Congressional staff salaries

See also: Staff salaries of United States Senators and Representatives

The website Legistorm compiles staff salary information for members of Congress. Rahall paid his congressional staff a total of $1,134,011 in 2011. Overall, West Virginia ranks 33rd in average salary for representative staff. The average U.S. House of Representatives congressional staff was paid $954,912.20 in fiscal year 2011.[89]

Staff bonuses

According to an analysis by CNN, Rahall was one of nearly 25 percent of House members who gave their staff bonuses in 2012. Rahall's staff was given an apparent $14,500.00 in bonus money.[90]

Net worth

See also: Net worth of United States Senators and Representatives


Based on congressional financial disclosure forms and calculations made available by, Rahall's net worth as of 2012 was estimated between $2,220,593 to $3,331,582. That averages to $2,776,087.50, which is lower than the average net worth of Democratic House members in 2012 of $5,700,168.36. Rahall ranked as the 117th most wealthy representative in 2012.[91]

Nick Rahall Yearly Net Worth
YearAverage Net Worth
Growth from 2004 to 2012:-47%
Average annual growth:-6%[92]
Comparatively, the American citizen experienced a median yearly decline in net worth of -0.94%.[93]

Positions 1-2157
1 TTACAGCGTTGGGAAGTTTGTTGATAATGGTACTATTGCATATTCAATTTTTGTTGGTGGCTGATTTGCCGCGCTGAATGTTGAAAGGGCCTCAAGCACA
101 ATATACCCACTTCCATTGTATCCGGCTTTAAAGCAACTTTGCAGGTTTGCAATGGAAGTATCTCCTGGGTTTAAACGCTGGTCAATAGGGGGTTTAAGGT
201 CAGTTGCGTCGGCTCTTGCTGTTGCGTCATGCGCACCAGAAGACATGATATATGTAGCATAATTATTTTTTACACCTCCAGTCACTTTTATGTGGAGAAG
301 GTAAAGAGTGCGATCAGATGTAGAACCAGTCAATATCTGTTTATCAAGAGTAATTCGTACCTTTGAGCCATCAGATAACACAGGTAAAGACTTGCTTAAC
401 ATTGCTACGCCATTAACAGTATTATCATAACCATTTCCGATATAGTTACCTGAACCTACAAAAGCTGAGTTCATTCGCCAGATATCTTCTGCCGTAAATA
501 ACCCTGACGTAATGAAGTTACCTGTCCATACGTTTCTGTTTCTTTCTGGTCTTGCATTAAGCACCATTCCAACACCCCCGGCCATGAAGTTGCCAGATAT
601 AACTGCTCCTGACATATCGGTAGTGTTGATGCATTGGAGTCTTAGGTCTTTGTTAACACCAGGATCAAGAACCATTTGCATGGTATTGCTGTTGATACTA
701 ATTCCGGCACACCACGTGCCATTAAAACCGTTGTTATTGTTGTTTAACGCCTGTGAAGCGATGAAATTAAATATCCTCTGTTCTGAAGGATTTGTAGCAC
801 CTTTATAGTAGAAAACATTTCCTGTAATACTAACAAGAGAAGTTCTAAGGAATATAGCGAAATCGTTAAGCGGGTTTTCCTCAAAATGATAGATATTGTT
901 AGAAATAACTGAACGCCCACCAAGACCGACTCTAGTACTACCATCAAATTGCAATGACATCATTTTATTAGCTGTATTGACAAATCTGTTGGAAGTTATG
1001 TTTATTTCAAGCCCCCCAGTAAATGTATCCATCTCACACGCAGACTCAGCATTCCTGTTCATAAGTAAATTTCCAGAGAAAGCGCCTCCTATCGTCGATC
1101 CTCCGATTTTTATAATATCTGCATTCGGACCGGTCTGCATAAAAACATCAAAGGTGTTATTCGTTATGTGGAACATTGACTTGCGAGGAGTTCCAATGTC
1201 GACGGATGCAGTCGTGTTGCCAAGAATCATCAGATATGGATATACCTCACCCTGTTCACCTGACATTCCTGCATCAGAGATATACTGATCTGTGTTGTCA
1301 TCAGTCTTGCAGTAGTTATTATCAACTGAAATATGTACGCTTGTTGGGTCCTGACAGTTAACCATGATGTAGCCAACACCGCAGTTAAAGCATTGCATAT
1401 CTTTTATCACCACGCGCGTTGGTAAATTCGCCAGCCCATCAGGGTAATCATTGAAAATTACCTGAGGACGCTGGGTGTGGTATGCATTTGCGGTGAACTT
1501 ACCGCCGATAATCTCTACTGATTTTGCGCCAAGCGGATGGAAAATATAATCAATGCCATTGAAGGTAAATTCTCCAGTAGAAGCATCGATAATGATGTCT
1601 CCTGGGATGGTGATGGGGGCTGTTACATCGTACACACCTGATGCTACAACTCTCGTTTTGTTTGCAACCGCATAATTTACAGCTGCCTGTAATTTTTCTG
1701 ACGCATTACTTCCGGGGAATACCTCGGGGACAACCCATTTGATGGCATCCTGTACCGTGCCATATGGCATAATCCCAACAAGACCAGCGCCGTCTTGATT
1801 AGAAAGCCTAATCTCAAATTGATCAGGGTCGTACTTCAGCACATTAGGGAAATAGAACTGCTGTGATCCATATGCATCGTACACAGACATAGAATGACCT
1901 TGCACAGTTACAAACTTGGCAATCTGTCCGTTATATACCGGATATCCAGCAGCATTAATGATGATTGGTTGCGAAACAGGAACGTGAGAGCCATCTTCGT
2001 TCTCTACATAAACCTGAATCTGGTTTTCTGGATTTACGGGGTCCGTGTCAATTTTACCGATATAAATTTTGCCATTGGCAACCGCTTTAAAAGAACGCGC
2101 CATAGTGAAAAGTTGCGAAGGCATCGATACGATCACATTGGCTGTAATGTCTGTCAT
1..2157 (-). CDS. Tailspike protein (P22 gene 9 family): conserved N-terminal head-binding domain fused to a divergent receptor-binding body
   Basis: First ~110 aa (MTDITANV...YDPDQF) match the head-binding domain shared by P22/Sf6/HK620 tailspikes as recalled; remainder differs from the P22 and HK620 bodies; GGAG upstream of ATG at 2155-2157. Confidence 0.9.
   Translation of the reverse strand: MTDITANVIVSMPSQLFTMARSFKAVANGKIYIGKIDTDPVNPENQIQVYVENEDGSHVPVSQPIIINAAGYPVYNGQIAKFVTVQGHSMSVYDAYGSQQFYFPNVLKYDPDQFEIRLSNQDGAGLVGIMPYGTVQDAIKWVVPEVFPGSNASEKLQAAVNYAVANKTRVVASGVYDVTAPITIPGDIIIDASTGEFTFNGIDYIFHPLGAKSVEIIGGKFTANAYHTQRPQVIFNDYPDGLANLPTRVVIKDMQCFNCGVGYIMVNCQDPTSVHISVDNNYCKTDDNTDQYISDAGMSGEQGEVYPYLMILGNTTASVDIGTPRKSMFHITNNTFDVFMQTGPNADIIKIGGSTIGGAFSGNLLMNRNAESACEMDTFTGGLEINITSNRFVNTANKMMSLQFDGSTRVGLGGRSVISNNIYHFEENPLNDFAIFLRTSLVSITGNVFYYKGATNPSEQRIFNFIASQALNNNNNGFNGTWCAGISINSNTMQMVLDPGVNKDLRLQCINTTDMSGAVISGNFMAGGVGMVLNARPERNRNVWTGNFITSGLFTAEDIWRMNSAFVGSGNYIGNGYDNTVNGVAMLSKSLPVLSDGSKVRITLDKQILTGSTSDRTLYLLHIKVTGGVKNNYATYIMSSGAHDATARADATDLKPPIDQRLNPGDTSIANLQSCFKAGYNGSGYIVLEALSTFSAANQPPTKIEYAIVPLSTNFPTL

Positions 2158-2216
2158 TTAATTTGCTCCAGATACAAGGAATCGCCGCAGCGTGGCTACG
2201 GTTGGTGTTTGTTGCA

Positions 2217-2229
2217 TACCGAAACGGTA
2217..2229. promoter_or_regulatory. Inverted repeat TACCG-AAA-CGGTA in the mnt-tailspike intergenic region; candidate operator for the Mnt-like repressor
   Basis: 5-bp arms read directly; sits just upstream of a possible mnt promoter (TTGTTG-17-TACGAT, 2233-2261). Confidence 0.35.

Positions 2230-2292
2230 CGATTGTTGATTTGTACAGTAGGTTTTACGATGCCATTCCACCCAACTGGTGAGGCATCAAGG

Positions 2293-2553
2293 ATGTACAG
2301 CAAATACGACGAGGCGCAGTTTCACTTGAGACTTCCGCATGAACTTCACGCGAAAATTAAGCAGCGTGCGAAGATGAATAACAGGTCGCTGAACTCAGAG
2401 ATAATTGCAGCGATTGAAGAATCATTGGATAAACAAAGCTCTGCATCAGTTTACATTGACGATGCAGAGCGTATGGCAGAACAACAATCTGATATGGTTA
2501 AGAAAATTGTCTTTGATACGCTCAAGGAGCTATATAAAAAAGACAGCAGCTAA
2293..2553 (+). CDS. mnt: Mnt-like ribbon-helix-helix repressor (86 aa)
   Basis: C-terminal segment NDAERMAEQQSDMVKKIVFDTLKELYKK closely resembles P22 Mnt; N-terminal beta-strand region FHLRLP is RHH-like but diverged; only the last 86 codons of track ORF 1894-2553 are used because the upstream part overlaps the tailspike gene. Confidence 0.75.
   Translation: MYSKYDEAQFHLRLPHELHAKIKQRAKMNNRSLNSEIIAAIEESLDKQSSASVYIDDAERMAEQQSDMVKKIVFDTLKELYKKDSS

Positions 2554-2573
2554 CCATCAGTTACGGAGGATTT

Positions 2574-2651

The data used to calculate changes in net worth may include changes resulting from assets gained through marriage, inheritance, changes in family estates and/or trusts, changes in family business ownership and many other variables unrelated to a member's behavior in Congress.

National Journal vote ratings


Each year National Journal publishes an analysis of how liberally or conservatively each member of Congress voted in the previous year. Rahall ranked 151st in the liberal rankings in 2012.[94]


See also: National Journal vote ratings

Each year National Journal publishes an analysis of how liberally or conservatively each member of Congress voted in the previous year. Rahall was 1 of 2 members of congress who ranked 174th in the liberal rankings.[95]

Political positions

Voting with party


Rahall voted with the Democratic Party 93.5% of the time, which ranked 191st among the 201 House Democratic members as of June 2013.[96]


Rahall and his wife, Melinda, have three children and three grandchildren.[2]

Recent news

This section displays the most recent stories in a Google news search for the term "Nick + Rahall + West + Virginia + Congress"

All stories may not be relevant to this page due to the nature of the search engine.

Nick Rahall News Feed

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See also

External links


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  2. 2.0 2.1 2.2 2.3 Biographical Directory of U.S. Congress, "Rahall," accessed June 26, 2013
  3. Biographical Directory of the United States Congress, "Nick Joe Rahall II," accessed November 18, 2011